3. sarahbrgr says:

    I find it interesting how you use the example of writing a paper to demonstrate that nihilism is alive and well. I’d never thought of myself having nihilistic thoughts, but this shows that when I reward myself with food for practicing orchestra repertoire, I’m thinking nihilistically. I’ve actually noticed that this “you will be rewarded for your actions” mindset is becoming more prominent in society. It used to be that you did chores to live, then to live comfortably, and now it’s to have an allowance. We have all grown to expect something from doing the smallest of work, and that something is usually a material item. Us as Americans are so privileged that perhaps we’re beginning to expect the rewards without doing much work. This means that the little work we have to do seems more and more unbearable, or agonizing (in your words). Because the work we do seems to get more and more burdensome, our society is ultimately becoming more nihilistic. Regardless, I definitely relate to your post, and hope that someday there will be less emphasis placed on material rewards.

  4. I suppose the cookie idea does present an example for nihilism, and also presents the issue of responsibility for our actions. Where we see the increase of ways to motivate children to find meaning in the day to day tasks, we see the disassociation of productiveness and responsibility with our youth. I personally grew up in a household where my responsibilities, though a small number, were considered vital for a day to day life. I assumed responsibility for my tasks and chores as a result of this upbringing, placing importance of consistent diligence in my life. I saw this first-hand by watching my Grandfather get up every morning to work in his apple orchard. For over 75 years. He didn’t screw around, and I’m constantly reminded of how much I act like a delinquent in comparison to what he accomplished in a single day of work.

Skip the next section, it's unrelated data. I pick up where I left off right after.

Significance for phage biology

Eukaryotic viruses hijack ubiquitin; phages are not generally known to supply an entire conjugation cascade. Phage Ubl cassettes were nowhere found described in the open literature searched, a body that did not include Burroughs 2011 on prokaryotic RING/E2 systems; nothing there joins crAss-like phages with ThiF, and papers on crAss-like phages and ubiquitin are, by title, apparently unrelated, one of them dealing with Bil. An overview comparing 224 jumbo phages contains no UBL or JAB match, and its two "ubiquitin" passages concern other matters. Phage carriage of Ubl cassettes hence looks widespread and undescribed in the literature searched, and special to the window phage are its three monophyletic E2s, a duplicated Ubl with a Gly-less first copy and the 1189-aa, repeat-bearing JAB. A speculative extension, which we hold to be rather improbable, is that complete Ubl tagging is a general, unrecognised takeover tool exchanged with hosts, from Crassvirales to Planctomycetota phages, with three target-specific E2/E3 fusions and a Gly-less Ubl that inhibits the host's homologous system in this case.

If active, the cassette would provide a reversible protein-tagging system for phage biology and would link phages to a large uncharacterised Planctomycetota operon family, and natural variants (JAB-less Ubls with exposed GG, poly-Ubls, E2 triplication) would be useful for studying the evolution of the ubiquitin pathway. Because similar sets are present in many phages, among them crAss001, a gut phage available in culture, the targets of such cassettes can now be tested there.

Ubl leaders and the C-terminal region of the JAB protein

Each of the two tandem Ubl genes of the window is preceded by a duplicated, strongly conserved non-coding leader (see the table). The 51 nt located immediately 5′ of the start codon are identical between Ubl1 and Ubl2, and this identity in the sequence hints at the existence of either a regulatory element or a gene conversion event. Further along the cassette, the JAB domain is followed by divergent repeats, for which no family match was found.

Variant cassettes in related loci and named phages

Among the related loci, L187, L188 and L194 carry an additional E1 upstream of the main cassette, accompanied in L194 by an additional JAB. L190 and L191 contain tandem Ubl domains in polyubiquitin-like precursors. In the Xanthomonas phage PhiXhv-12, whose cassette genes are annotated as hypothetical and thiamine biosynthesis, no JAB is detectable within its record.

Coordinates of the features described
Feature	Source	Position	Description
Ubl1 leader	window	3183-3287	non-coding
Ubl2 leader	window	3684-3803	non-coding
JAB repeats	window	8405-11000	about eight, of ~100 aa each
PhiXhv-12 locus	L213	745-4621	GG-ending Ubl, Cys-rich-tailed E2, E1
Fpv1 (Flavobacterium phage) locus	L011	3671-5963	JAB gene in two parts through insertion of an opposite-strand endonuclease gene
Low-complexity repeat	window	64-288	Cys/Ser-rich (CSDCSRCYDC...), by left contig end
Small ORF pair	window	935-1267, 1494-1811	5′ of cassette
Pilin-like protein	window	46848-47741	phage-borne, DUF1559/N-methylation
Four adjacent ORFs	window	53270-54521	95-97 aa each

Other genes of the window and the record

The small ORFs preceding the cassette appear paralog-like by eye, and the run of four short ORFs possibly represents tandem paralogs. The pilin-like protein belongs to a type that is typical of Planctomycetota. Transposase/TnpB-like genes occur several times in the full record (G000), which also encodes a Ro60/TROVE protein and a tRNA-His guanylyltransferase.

We always hear the joke about earning the gold star for the day, but what I find to be a more prudent approach to life is the awareness taught to our children that life will be infinitely difficult; it is made easier by our day to day efforts we put into all that we do, and is made more difficult when we distract ourselves from our responsibilities by thinking, “well, what’s in it for me right now?”

  5. jgraef2 says:

    Hey Kaila! I agree with your thoughts about starting life happy and inspired and gradually getting bogged down by outside forces. I connect with this because it is something I used to feel a lot as a kid and something I was thinking about semi-recently. When I was a kid I would be so excited to get up and go explore the day but when I started school, or pre-school, there was nothing I hated more than getting up in the morning to go do something I really didn’t want to do. I think this is part of a huge flaw in our society, and more specifically, our education system. I think that there is not nearly enough emphasis on creative thinking in our education system. It seems to be the one thin that kids like to do the most. If you ask any kid in a preschool what their favorite course is, they will almost definitely always say arts and crafts and I don’t think that we use that passion correctly.